Cover art for Issue 1.

As for how the issues are laid out in the hardcover, the covers are actually present, which helps to break the action nicely. Personally I feel that for the way the story is written, taking the covers out would have created a terrible way to go between each issue, since time doesn't flow uninterrupted between them. Plus, there's an opportunity to show off the gorgeous cover art by D'Anda and Eltaeb, which are good at hinting at the events of each issue as well as putting emphasis on certain characters and traits.

While I'm discussing the hardcover collection, I'd like to give my thoughts on the included Arkham City Digital Chapters, which were previously collected in a special comic that came with the video game. Since each chapter is only eight pages long, there won't be much to say on them, but I'm doing it anyway. All of them have give the story credit to Paul Dini and script to Derek Fridolfs, except for the last one with complete writing credit to Fridolfs, which helps them all tie in to the game in a way that feels canon. Each story gives the spotlight to a different character, with narration by them to help the reader get into their head: "Hugo Strange" does this for Professor Hugo Strange (obviously); "Cut and Run" with The Carpenter; "Riddle Me" for The Riddler; "Guardian Angel" for Robin (Tim Drake); and "Fall of the Titan" with Bane. I think Fridolfs did a good job in writing these characters and he seems like a good man to trust with this continuity.

But while the characterization for these chapters is all consistent thanks to having a universal writer, it is the art that is different between each of them. The artists, Dustin Nguyen, Ben Herrera, Ted Naifeh, Roger Robinson and Adam Archer for chapters one through five respectively, manage to give each one a unique and appropriate atmosphere, but it is a little more in line with a quality where you can easily say "digital comic" if you look at it. That is not to say that they are bad, it's just that they aren't quite on the same level to me as D'Anda's artwork for the main series; then again, I'm pretty sure that it wasn't supposed to be. The individual styles actually help make each story feel unique and actually showcase each artist pretty well. I can easily see them doing more digital material in the future.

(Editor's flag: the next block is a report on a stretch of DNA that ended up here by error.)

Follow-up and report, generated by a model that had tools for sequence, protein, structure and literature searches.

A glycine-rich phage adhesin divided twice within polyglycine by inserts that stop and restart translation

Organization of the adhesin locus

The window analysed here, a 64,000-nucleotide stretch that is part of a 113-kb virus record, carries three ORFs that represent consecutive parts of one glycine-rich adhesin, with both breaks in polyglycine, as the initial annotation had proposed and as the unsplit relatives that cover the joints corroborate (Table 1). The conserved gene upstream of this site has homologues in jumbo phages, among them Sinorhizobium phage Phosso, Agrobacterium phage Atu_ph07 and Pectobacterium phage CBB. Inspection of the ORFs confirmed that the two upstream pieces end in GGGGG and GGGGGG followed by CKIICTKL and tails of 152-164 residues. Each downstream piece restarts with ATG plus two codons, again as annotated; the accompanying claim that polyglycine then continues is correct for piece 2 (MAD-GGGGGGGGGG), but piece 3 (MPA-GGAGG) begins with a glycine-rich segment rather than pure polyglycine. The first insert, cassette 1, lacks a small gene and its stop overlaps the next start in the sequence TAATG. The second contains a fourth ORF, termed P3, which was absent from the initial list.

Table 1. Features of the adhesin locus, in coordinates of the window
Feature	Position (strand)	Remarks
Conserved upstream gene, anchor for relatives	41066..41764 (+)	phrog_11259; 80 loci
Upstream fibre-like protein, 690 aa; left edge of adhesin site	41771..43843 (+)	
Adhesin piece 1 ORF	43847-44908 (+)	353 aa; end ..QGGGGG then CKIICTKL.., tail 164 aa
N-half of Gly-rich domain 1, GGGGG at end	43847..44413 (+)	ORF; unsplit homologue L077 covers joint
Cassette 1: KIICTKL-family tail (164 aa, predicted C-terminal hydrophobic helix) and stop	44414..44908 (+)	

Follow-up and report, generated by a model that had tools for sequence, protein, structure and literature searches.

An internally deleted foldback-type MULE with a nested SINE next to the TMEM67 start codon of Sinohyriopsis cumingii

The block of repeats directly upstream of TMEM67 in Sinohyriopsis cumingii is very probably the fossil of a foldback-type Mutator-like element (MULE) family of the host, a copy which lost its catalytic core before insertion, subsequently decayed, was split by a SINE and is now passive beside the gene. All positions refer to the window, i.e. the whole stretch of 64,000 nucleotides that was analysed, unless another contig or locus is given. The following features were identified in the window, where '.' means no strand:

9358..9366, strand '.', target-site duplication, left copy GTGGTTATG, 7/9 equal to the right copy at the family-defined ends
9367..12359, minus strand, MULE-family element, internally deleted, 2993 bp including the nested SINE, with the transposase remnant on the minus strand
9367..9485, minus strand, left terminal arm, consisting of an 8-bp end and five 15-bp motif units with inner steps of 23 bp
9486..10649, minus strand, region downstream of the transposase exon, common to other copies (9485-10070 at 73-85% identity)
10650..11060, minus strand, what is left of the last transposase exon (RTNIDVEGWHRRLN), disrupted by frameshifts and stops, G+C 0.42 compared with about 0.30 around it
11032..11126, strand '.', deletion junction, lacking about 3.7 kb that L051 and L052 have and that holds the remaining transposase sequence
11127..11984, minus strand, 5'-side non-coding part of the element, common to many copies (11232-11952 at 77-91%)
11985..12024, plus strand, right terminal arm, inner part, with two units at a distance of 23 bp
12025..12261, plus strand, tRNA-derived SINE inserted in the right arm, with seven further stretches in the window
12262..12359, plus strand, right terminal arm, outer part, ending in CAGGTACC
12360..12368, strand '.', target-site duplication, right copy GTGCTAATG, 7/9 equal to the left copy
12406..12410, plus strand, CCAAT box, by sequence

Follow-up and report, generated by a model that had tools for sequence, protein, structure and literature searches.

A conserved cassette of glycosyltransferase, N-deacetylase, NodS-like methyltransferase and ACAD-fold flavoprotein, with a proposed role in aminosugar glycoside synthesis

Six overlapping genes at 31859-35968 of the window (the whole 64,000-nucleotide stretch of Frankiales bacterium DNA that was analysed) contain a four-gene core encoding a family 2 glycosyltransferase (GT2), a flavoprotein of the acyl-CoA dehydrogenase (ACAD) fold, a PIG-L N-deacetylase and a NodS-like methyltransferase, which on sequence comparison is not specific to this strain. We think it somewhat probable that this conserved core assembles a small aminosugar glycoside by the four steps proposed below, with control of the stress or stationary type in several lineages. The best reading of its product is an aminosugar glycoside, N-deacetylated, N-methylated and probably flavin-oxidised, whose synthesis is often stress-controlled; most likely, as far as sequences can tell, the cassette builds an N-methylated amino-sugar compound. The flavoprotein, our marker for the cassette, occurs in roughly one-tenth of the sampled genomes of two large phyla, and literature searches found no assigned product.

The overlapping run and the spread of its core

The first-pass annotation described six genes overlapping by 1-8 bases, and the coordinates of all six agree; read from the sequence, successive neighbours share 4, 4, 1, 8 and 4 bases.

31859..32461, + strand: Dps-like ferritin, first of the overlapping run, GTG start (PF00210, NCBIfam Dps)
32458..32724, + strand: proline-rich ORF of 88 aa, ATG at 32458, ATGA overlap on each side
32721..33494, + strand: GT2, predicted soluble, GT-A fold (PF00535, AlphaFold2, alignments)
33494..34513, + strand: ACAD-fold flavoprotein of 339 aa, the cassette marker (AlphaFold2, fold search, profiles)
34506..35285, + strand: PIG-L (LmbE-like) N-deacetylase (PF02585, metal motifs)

In the end, Batman: Arkham City is an amazing tie-in to a perfect video game. The characters are consistent, the story is suspenseful and the art is simply fantastic. The hardcover collection is also really good at holding it all together and it's nice to have some extra content as well to make the investment feel more worthwhile. If you were to try and get the entire comic right now, I would tell you to buy the hardcover, since you'll also get the digital chapters as a nice addition. Plus, there's also a gallery of concept art for the game in the back as a bonus, which is always fun to look at. The comic is admittedly more written for people who have actually played the game, but fellow Batman fans may get a kick out of it as well; only consider a purchase if you fall into either of those groups.